So many choices.
I just received pre-production samples came in for my game, The Modern Games Deck. It's been a journey selecting materials and finishes and coordinating with manufacturers. I thought I'd share some interesting things I learned along the way.
Linen vs Plain Finish
I printed samples in both linen and non-linen finishes. You can see the difference below. I and play-testers noticed that the UV-coating-only was a little slick and hard to pick up off the table.
I was warned about issues with image crispness when using linen finish. I didn't see any difference in crispness, but the finish does diffuse light, making the blacks a little less deep. This is definitely a trade off - I prefer the colors on the slick cards, but prefer the feel of the linen finish.
I've also gotten feedback from other game designers that linen finish can make your cards more prone to scratching and wear and tear. For that reason they recommend only going with linen finish for cards that aren't shuffled especially often.
Different manufacturers may have different names for their finishes. If your manufacturer offers both 'varnish' and 'lamination', I believe the lamination is closer to what TheGameCrafter lists as 'UV protective coating'.
Paper Core and Weights
Did you know card printing uses special paper with a thin piece of opaque plastic in the middle? This prevents bleed-through and transparency. You can use black or white core, but black is more opaque and has better guarantees that card front printing won't be visible through the card. (White core is cheaper, though). Personally I don't think there's a good reason to go with white core, unless I guess if the cards will never need their information to be secret and you're very sure your back design is light enough that it won't show through.
Cards also come in different weights, measured in grams per square meter. TheGameCrafter prints 320gsm. Elsewhere I've found 310gsm to be more common and much easier to find. Here is the thickness difference for 10 cards of each paper weight:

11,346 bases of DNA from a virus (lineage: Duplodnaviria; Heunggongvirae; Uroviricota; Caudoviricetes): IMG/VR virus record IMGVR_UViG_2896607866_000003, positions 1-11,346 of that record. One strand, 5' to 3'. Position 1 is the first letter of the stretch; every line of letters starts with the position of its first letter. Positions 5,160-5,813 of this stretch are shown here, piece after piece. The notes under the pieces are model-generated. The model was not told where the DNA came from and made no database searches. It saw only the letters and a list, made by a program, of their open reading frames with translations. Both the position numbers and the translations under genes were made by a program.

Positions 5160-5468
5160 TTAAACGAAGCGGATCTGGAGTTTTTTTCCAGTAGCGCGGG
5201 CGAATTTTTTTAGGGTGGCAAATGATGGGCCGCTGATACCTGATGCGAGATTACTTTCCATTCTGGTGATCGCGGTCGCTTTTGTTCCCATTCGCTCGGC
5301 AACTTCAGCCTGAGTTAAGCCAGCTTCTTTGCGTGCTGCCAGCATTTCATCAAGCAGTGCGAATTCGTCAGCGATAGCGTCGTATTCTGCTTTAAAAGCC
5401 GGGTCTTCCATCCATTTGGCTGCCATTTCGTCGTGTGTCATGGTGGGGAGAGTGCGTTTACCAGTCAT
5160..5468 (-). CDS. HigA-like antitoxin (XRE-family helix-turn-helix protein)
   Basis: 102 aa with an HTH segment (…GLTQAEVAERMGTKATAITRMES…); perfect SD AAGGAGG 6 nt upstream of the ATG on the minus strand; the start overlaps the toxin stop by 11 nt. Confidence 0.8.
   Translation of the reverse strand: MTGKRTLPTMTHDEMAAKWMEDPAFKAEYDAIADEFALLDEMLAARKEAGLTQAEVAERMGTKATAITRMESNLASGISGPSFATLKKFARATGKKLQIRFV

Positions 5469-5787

The visual difference is minimal. I found the hand feel to be just barely noticeable. A little over half of the playtesters I surveyed said they could feel a difference.
Bridge vs Poker Size
Another thing that is less standard than you might think is card size. Standard poker cards are 2.5"x3.5". Bridge cards (which you usually see in casinos, and may have played with more) are 2"x3.5". You can see the difference below:
I went with poker size because these cards have content that really shouldn't interact or interfere with each other. If you're looking to make card to put across the table poker size is a reasonable bet. If you plan for players to hold large hands of cards, consider bridge size.
Production in China
Remember that import duties, shipping, customization fees, and minimum order quantities exist. Shipping that I was quoted was typically on the order of $500+. As a rule of thumb I'd expect the final cost of an order to double or more above your initially quoted cost. This can still be cost effective, however, especially with larger orders.
I'd recommend for orders smaller than 80 or 100 consider on demand printing from US companies/suppliers. At sizes above that it becomes feasible to consider overseas manufacturers, depending on the specifics of your project.
Game Token Recommendations
I tested out several different kinds of tokens and have opinions. The cheapest you'll find are winks (also called bingo chips), but they are pretty small and pretty slick. Other options include smooth 23mm chips and clay or plastic poker chips.
My favorite are 23mm ones with knurling (grippy ribs on the sides), which is what I've decided to go with: if you've played No Thanks, they are the same kind of chips.
Things I think you should look for: an appropriate amount of heft, easy to pick up off the table, good size for how many you'll use. I think 23mm plastic is a good size and weight if you're going to use more than say 20 at a time or make a pile of them. For games with fewer pieces at a time, an unexplored estimation is that larger or heavier chips would make sense: plastic, clay, or wood - possibly closer to 3cm.
My parting piece of advice is that it's very important to get samples from the manufacturer before placing a large order. Typically the way this works is like a deposit against the final order: one sample is fairly expensive but the cost will be subtracted from the total amount you were originally quoted for the whole order. For me this came out to about $180. The purpose of the sample is to correct any errors the manufacturer made before you're stuck with the whole order of them. Assume they will make some.
I hope that helps! Feel free to ask me questions. Here's is a link to my game's page as well, if you'd like to hear more about that one specifically.